[German]The FBI and the U.S. Treasury Department have just released new Indicators of Compromise (IOCs) for the AvosLocker ransomware. These are indications of how to detect an infection with this ransomware. The information can be used in your own security information and event management (SIEM) systems, if necessary.
AvosLocker is a ransomware known since July 4, 2021 (see), which can penetrate Windows and Linux with the tool of the same name and encrypt as well as siphon off data. The specific extension .avos2 is then attached to each file and the group tries to extort ransom.
The AvosLocker gang works on the Ransomware-as-a-Service (RaaS) principle and offers its service to cybercriminals. The group targets victims in various critical infrastructure sectors in the United States, but is said to exclude the financial services, critical manufacturing and government sectors. AvosLocker also handles ransomware negotiations and the release of captured victim data.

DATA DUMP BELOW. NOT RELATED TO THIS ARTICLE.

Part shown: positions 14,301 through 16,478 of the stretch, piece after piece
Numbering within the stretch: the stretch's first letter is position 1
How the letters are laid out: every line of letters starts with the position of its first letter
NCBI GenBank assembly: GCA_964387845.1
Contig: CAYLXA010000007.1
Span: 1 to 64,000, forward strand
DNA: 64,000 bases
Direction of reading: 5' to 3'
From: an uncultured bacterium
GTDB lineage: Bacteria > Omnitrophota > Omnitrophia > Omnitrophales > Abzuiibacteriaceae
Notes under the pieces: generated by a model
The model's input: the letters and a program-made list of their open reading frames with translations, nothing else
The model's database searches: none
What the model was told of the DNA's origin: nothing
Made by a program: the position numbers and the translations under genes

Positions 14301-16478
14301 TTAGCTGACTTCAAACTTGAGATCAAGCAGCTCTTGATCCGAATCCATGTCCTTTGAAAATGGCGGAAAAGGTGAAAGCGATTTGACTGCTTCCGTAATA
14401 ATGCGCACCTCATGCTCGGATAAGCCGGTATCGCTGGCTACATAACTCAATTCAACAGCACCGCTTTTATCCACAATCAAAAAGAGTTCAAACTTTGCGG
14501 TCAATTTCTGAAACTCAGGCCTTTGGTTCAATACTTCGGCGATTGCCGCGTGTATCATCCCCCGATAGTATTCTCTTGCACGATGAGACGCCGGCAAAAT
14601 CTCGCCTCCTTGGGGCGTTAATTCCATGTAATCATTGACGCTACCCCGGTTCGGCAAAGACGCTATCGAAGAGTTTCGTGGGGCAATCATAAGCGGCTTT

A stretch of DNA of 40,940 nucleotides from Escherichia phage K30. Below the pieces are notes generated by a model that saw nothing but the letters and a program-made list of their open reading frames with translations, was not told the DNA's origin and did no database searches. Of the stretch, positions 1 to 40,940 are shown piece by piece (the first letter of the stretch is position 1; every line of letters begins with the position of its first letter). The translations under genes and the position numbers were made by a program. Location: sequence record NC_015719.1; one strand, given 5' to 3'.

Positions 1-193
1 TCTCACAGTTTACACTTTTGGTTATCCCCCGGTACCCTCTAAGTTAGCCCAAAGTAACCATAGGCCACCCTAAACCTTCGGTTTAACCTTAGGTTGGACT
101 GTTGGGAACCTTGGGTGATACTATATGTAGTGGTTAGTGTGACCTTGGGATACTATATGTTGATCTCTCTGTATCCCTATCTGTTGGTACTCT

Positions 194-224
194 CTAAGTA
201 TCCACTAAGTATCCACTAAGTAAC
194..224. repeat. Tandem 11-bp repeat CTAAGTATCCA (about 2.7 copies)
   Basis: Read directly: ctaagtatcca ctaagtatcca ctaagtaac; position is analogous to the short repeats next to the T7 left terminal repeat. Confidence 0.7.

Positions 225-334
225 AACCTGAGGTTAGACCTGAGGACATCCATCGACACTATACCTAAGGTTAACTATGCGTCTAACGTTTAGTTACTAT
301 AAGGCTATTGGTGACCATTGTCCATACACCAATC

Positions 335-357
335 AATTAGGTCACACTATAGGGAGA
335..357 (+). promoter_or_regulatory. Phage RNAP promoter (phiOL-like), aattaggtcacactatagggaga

Qualsys has this technical analysis of the malware – and Bleeping Computer colleagues published this article in January 2022. The occasion was that the AvosLocker ransomware gang added support for encrypting Linux systems to their malware variants, specifically targeting VMware ESXi virtual machines.
In the above tweet, Catalin Cimpanu points to this article (PDF), in which the FBI and the U.S. Treasury Department have published new Indicators of Compromise (IOCs) for the AvosLocker ransomware. This may be of interest to security managers looking to augment their SIEM systems with the necessary ICOs to detect infection. In addition, the PDF document contains a list of known vulnerabilities (Exchange Server Proxy Shell, etc.) used for attacks.
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